If you like research and writing, history is a fun major to have in college.

    In spite of the coaching stereotype I mentioned, the fact is that schools want teachers who are subject matter experts. They want historians to teach history, scientists to teach science etc. My teaching credential may have legally authorized me to teach in the state of California, but my undergraduate gpa is what got me hired.
     
  6. Ron6103

    Ron6103 Habitué

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    I think the above comments about the trend moving away from that is accurate. I don't coach anything, but teach history. That said, I also do a lot of technology work, and that gave me a hiring edge over those that might coach....
     
  7. MissCeliaB

    MissCeliaB Aficionado

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    Many of our history teachers do not coach. We also have many English, Math, and Foreign Language teachers who do. It's not specific to history anymore.
     
  8. Histo_AC

    Histo_AC Rookie

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    Aug 6, 2010

    Thanks for all the comments. This makes me feel much better about becoming a history teacher. I really want to teach history for the love of history and the love of teaching people so I'm glad to hear this.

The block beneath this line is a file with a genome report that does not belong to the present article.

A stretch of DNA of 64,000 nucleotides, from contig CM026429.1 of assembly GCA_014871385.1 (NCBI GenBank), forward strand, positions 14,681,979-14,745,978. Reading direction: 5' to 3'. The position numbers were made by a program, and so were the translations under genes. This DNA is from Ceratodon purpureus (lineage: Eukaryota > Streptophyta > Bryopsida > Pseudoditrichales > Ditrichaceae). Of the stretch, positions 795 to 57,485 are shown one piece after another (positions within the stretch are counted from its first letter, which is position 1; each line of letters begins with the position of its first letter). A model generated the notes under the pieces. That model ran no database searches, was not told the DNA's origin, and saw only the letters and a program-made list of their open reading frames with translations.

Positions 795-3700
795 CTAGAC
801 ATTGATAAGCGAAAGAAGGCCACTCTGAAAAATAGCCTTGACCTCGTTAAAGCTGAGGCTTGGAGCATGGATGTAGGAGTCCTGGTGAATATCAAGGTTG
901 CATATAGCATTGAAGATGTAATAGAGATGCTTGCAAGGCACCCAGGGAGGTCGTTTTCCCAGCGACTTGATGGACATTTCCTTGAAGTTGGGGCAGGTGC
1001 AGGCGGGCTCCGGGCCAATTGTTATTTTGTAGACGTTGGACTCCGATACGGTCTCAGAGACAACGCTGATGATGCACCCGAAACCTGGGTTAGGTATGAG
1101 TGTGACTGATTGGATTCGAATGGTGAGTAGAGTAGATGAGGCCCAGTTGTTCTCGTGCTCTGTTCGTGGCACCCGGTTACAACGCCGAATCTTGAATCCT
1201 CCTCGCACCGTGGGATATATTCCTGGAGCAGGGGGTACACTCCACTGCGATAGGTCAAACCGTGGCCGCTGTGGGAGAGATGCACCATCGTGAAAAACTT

I guess I was just kind of scared because this trend still happens a lot in my school. A lot of the newer teachers are teach for america though and pretty good with high expectations. But in my Sophmore year I had the not great pleasure of coming a cross a horrible history teacher/coach that only made us do book work. So I was afraid that a lot of school districts don't value history teaching as much.

    I am very glad to see I was very wrong.
     
  9. Aliceacc

    Aliceacc Multitudinous

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    Aug 6, 2010

    Almost everyone in my building does some extra curricular.

    But we have so many sports, there's no way any one department could cover it. So, sure, the basketball coach teaches history-- he's also one of the deans.

    But the golf coach teaches English. The football coach also teaches English. The bowling coach is the math department chair.

    Another of the history teachers coached Speech and Debate for over 20 years. Another history teacher coached it for 10.

    There's no real correlation in my school.
     
  10. scmom

    scmom Enthusiast

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    In our area the schools prefer to hire someone at the school to coach who is already an employee rather than hiring an outside coach because they know the kids, school policies, etc. It can be anyone - we have teachers in every area, counselors, campus supervisors and clerical people who all earn extra money coaching. Many schools require teachers to do something extracurricular but it certainly does not have to be teaching - it can be a club, tutoring or whatever.
     
  11. Ross

    Ross Comrade

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    Aug 6, 2010

    In my school district there is a high percentage of history teachers that are coaches.

    Or is it the other way around?